Fourth, choose the appropriate level of ACA certification. The level of certification should be commensurate to the strength and breadth of existing policies, procedures and data management systems. For instance, Level 3 certification should only be pursued if the airport has commissioned or prepared a study that quantifies emissions from aircrafts, ground support equipment, and ground access vehicles.

Finally, contact an ACA administrator with questions. Unlike some online retailers, ACA representatives are available to answer questions by phone or email. Airports that maintain an open line of communication with the ACA staff from the onset of the application and certification process will certainly avoid bumps down the road.

Conclusion

The ACA Program embodies key features that make it a compelling sustainability initiative. It balances having a rigorous common framework for climate action while maintaining enough flexibility to accommodate a broad range of competencies and resources held by airports. Additionally, participating airports enjoy the hard benefits of reduced energy consumption and improved energy efficiencies, both of which induce GHG emissions reductions and operating cost savings; the economic benefits of carbon management may well extend to airlines and tenants as a result of active stakeholder engagement. Capital investment informed by a strategic carbon management plan could sway top airport decisionmakers to pick improvement projects with long-term environmental and social benefits in the immediate vicinity and the region (e.g., think light rail access and connectivity with the greater metro area). Last, but not least, the emission reduction claims of the ACA Program are highly credible because every ton registered in the program has been vetted by an independent third party, or verifier. Actually, it is through the verification process that all stakeholders (i.e., airports, ACA Administrator, investors, customers, and others) have assurance that climate action is real, objective, and verifiable.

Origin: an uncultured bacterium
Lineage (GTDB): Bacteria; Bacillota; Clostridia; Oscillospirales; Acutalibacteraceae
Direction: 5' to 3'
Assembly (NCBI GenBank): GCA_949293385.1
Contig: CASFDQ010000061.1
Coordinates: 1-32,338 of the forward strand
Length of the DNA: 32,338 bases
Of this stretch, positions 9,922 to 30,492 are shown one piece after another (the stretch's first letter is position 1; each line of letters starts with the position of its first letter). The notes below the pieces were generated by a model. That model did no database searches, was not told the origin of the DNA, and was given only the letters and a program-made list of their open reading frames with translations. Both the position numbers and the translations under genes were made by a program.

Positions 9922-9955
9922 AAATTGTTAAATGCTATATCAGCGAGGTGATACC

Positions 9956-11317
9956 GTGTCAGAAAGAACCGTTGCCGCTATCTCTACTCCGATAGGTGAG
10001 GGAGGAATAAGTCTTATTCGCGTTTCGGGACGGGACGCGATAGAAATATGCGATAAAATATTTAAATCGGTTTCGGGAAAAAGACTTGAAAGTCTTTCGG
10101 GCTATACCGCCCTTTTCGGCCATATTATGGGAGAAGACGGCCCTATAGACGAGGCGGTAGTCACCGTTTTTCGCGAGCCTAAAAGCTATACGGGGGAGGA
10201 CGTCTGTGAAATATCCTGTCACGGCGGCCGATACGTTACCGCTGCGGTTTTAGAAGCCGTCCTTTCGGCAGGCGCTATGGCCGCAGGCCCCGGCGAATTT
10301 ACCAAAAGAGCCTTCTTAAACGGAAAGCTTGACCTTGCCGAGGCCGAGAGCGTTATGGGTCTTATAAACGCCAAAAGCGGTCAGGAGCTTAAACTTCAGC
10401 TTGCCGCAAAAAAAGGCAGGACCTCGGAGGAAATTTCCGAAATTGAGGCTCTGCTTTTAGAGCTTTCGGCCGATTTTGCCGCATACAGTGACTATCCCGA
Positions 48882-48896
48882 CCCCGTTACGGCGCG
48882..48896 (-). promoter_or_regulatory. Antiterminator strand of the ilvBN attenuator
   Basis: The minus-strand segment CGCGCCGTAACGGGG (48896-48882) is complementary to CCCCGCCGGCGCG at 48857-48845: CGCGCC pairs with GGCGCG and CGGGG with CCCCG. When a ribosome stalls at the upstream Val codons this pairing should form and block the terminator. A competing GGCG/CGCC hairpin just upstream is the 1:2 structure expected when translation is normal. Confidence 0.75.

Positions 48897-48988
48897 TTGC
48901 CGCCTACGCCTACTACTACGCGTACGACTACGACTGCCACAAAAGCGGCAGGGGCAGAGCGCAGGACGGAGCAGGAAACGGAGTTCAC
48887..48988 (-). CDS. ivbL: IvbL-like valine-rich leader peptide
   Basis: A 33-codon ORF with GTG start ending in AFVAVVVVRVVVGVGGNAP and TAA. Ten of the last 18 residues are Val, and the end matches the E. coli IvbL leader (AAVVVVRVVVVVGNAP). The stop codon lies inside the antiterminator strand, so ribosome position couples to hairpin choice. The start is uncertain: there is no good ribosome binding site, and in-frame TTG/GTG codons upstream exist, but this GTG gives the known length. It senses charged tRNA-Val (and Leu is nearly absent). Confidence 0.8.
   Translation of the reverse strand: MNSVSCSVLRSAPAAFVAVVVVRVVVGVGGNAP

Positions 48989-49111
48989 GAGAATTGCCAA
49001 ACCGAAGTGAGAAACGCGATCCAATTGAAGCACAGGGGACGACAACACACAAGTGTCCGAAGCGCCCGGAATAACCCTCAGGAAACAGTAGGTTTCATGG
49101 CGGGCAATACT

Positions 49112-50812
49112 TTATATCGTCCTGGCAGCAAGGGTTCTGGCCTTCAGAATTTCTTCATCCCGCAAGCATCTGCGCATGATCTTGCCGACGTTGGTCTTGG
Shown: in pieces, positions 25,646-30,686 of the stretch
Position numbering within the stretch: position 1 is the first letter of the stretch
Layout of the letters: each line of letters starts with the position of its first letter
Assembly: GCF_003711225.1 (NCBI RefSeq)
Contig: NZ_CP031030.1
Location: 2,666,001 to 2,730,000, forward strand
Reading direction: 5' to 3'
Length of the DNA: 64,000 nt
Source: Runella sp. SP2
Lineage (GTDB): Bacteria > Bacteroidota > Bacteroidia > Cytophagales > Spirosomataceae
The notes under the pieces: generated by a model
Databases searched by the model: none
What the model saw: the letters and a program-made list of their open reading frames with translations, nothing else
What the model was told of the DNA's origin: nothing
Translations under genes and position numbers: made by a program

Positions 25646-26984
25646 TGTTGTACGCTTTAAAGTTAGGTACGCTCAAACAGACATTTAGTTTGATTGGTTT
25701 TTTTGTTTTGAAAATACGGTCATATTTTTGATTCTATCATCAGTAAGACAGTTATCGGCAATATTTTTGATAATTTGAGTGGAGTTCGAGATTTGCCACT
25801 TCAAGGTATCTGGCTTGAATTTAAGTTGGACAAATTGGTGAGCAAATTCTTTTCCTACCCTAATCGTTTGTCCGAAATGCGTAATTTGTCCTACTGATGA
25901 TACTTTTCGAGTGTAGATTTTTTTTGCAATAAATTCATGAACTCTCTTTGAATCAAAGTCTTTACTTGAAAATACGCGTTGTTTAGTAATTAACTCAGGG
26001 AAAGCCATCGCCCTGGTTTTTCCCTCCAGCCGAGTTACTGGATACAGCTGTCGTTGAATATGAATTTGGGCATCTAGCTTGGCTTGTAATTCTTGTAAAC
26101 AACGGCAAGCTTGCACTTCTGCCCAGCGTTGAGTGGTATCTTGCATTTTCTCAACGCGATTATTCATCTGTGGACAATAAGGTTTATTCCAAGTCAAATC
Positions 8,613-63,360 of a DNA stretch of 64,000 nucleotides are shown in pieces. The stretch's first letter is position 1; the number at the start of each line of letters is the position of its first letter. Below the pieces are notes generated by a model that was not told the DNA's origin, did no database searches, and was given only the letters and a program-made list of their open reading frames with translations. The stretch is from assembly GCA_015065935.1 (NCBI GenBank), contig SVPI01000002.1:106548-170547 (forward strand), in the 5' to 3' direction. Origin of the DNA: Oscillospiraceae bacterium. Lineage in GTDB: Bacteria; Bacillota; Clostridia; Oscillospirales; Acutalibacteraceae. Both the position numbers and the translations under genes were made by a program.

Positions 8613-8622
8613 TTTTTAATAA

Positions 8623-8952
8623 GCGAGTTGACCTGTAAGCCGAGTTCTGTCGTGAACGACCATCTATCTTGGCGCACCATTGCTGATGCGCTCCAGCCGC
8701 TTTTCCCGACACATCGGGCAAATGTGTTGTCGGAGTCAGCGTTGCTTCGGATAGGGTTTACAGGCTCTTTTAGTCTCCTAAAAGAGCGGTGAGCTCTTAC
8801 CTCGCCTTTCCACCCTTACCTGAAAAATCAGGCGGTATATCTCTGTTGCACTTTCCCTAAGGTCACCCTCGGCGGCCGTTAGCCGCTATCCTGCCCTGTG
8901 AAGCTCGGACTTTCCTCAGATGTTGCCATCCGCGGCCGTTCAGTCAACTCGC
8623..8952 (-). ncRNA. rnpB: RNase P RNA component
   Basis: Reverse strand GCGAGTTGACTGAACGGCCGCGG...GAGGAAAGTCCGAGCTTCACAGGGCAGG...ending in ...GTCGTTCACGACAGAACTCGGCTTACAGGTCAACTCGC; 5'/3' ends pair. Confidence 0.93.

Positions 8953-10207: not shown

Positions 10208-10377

Juan A. Maldonado has performed verifications since 2008 for voluntary and mandatory GHG programs including the Airport Carbon Accreditation, The Climate Registry, The Climate Action Reserve, the California’s Mandatory GHG Reporting Rule, and the Massachusetts GHG Emissions Reporting Program. Email: jmaldonado@scainc.com. Phone: 703-893-6600.

Notes

1. The Climate Registry. Who We Are: About Us. http://www.theclimateregistry.org/who-we-are/about-us/ (accessed October 23, 2015).

2. CDP. About CDP: Catalyzing business and government action. https://www.cdp.net/en-US/Pages/About-Us.aspx (accessed October 23, 2015).

3. Annual Report 2014–2015. Airport Carbon Accreditation, August 2015, 4–24.

4. Annual Report 2014–2015. Airport Carbon Accreditation, August 2015, 28.

5. U.S. Environmental Protection Agency. Facility Level Information on Greenhouse Gases Tool. http://ghgdata.epa.gov/ghgp/main.do (accessed October 23, 2015).

6. The GHG Protocol: A Corporate Accounting and Reporting Standard. Revised Edition. World Business Council for Sustainable Development, World Resources Institute; 24–33.

7. Airport Carbon Accreditation Guidance Document: Issue 9 v2: August 2015. WSP, Parsons Brinckerhoff. WSP House: London, 2015, 7.


©2015 Juan Maldonado. All rights reserved. No part of this page, either text or image, may be used for any purpose other than personal use without written permission from the author.